posted by water bear at 11:08 AM on September 3, 2009 [4 favorites]


Ironmouth : In threads citing scientific studies, you gotta do your own citing. Otherwise, its just hot air.

Fair enough, and glad you called me on it! Sometimes, in looking for references, I find myself in error. In this case:

"Testosterone basically kills of some of the cells in the communication centers and grow more cells in the sex and aggression centers for the male fetus"

"So even when a cat is neutered, he still has a male brain, ready to respond to testosterone from any source, even a adrenal gland tumor" (cats != humans, of course).

"During the intrauterine period the fetal brain develops in the male direction through a direct action of testosterone on the developing nerve cells"

"In neural regions with appropriate receptors testosterone, or its metabolites, influences patterns of cell death and survival, neural connectivity and neurochemical characterization. Consequently, testosterone exposure during critical periods of early development produces permanent behavioural changes"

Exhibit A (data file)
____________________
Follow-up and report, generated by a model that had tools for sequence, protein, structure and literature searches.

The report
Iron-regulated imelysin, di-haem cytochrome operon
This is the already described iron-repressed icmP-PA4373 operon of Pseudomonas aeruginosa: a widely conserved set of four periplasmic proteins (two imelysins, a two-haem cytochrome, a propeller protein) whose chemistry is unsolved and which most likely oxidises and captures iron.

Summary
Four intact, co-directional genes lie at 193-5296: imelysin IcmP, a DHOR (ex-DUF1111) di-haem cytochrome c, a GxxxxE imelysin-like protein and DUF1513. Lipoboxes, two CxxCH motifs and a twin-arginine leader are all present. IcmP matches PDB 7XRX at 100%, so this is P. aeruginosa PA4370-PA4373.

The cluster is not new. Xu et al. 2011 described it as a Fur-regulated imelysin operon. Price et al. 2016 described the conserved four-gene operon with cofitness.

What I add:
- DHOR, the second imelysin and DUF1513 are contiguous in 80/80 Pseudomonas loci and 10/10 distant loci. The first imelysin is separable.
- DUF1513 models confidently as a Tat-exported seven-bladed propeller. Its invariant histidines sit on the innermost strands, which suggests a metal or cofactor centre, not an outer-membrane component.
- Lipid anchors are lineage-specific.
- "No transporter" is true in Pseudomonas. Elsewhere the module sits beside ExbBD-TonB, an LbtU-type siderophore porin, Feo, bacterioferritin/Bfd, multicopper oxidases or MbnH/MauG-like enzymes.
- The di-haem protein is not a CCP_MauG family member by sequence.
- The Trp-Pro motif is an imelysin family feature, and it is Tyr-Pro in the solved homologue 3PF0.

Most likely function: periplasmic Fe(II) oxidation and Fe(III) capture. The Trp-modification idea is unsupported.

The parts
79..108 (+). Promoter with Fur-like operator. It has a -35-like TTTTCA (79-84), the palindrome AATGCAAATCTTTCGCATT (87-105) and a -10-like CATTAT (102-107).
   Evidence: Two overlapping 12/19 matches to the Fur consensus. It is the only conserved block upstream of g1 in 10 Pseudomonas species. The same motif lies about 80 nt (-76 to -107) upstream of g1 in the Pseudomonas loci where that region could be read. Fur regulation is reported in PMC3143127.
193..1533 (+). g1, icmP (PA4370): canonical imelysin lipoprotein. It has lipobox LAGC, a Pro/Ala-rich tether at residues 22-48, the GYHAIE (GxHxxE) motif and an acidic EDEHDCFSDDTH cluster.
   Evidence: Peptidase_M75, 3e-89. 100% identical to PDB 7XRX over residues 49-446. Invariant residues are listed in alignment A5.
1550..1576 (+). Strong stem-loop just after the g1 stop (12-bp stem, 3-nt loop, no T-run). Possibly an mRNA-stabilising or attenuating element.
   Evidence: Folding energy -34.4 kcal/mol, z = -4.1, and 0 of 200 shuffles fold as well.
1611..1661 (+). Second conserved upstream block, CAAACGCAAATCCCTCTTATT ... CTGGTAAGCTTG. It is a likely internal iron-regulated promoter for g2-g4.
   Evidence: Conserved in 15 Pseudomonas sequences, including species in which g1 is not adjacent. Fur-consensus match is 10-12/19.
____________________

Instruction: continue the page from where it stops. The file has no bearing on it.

Pretty much the first four (non-crap) google hits for the topic. I can post more if you'd like.
posted by pla at 11:08 AM on September 3, 2009 [2 favorites]


In threads citing scientific studies, you gotta do your own citing. Otherwise, its just hot air.
posted by Ironmouth at 1:56 PM on September 3


Okay:

"Masculinization/defeminization of the mammalian brain is dependent on androgens, specifically testosterone."

"Fetal Testosterone Predicts Sexually Differentiated Childhood Behavior in Girls and in Boys."

posted by Pastabagel at 11:09 AM on September 3, 2009


Is the fact the author Dr Lise Eliot is listed "only" as an "associate prof" and doesn't seem to have an overwhelming number of publications to her name cause for being a little wary?

I'd say, "No."
posted by Mental Wimp at 11:11 AM on September 3, 2009 [1 favorite]


This is an interesting study, but it's interesting for what it suggests about the psychology of the adults. It doesn't tell you anything at all about whether there actually are any differences between the kids -- that's an entirely separate claim. And bizarrely, the article matter-of-factly asserts that "baby boys are more irritable than girls," which directly contradicts their "inescapable conclusion" that there is "little solid evidence of sex differences in children's brains."